A Red Circle On Your Skin Might Not Be Ringworm – What Else Could It Be?

Written by Varsha Patnaik

Skin rashes are a common occurrence for adults and kids alike, spanning across all ethnicities and populations of the world. Rashes that have a typical circular border or a ring-like appearance are usually characteristic of and diagnosed as Ringworm, a fungal skin infection (1). Few times, that red circle on your skin might not be ringworm, but something else. Here in this article, we have a detailed look at the other skin conditions that could give you a characteristic red circle on skin.

What Does A Red Circle On Your Skin Mean?

A rash that is localized with distinctive borders is usually caused by certain external factors while the rashes that seem red and inflamed, flaring up throughout the body is mostly because of some internal conditions (2). Rashes like Contact dermatitis and Ringworm occur in response to external irritants (in skincare products, soaps, or detergents), allergens (in plants, food, and air), or organisms (fungus on our skin or pets). On the other hand, rashes stemming from internal abnormalities are usually due to genetics or when our immune system is overactivated by certain triggers.

When you get a red circular rash on your skin, you must first make sure whether it’s Ringworm or not. For that, you need to be aware of the characteristic features, types, and symptoms of Ringworm.

What Is Ringworm? Types And Symptoms

Ringworm, otherwise known as “tinea corporis” or “dermatophytosis” is a common fungal skin infection. It is caused by a class of fungi called dermatophytes that feed on the dead cells of the skin, hair, and nails and tend to thrive in the warm, moist folds of the skin (3). Ringworm infection causes a characteristic ring-like circular rash that is red and itchy. The rash can have a red-colored center or a normal one of your skin color. Ringworm is further classified as per its location on the body.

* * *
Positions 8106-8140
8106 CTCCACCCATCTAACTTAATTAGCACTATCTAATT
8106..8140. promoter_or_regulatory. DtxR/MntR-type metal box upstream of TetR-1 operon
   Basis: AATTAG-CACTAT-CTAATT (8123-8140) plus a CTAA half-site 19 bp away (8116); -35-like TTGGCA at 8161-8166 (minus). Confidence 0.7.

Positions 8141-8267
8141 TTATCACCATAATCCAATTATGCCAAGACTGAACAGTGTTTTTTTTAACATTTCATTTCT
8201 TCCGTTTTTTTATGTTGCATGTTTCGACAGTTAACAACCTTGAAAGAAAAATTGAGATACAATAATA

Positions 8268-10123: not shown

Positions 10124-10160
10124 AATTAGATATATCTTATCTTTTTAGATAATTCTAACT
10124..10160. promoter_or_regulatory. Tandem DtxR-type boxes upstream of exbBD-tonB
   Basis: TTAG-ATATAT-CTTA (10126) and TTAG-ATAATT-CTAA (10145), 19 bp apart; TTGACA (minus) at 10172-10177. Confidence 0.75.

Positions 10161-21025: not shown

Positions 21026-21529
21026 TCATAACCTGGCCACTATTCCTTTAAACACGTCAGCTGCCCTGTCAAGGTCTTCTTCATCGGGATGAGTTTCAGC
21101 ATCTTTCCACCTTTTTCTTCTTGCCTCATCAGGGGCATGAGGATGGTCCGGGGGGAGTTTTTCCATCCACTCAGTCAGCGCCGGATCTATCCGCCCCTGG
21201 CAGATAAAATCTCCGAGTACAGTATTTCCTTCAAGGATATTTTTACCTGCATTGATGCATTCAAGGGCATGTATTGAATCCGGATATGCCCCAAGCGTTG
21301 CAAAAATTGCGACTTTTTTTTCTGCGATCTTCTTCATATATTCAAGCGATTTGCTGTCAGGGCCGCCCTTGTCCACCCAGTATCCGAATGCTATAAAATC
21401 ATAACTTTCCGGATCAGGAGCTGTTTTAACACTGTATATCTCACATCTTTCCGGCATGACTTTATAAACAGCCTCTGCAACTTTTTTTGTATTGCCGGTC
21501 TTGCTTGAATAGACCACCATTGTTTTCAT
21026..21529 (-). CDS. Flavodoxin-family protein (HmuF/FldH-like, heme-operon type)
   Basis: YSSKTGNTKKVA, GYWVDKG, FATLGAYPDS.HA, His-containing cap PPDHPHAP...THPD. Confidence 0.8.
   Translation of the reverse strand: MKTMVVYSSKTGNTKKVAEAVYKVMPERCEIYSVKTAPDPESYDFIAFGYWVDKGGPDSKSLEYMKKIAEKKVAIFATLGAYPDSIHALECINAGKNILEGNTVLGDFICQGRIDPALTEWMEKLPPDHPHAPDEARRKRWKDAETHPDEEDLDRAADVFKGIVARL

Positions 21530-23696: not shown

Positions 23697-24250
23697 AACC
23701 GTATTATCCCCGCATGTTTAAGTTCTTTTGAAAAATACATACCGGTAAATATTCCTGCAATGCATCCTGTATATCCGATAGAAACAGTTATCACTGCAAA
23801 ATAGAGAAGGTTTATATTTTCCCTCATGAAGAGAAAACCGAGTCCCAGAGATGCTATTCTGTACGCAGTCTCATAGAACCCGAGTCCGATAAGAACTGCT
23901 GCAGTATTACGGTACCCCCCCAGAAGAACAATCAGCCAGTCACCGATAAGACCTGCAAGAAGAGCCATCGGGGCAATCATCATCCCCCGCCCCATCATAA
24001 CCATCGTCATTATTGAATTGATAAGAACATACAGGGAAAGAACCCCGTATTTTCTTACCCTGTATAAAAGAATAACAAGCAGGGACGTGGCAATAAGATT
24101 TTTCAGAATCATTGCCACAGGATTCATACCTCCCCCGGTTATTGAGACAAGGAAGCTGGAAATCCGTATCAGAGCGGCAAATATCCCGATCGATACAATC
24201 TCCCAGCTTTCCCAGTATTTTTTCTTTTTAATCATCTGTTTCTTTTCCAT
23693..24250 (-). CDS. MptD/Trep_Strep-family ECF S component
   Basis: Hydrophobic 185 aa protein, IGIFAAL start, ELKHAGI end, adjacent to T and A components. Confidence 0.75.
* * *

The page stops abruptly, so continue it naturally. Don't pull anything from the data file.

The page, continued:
• Tinea Capitis

Ringworm of the scalp is known as Tinea capitis. It is usually seen in children in their growing years or around adolescence. It usually appears as scaly patches of balding spots on the scalp with a loss of hair. This ringworm might commonly spread from one child to another in their school (4).

  • Tinea Pedis

Commonly known as ‘Athlete’s foot’, Tinea pedis is the ringworm infection of the foot that causes scaling and inflammation in between the toes, especially the last two. It usually causes redness, itching, and burning sensation on the sole of the feet as well (5).

  • Tinea Manuum

This affects the skin of the hand, especially in between the fingers. It usually leads to thickening of the skin in between the fingers (6). Tinea manuum is usually accompanied by Tinea pedis.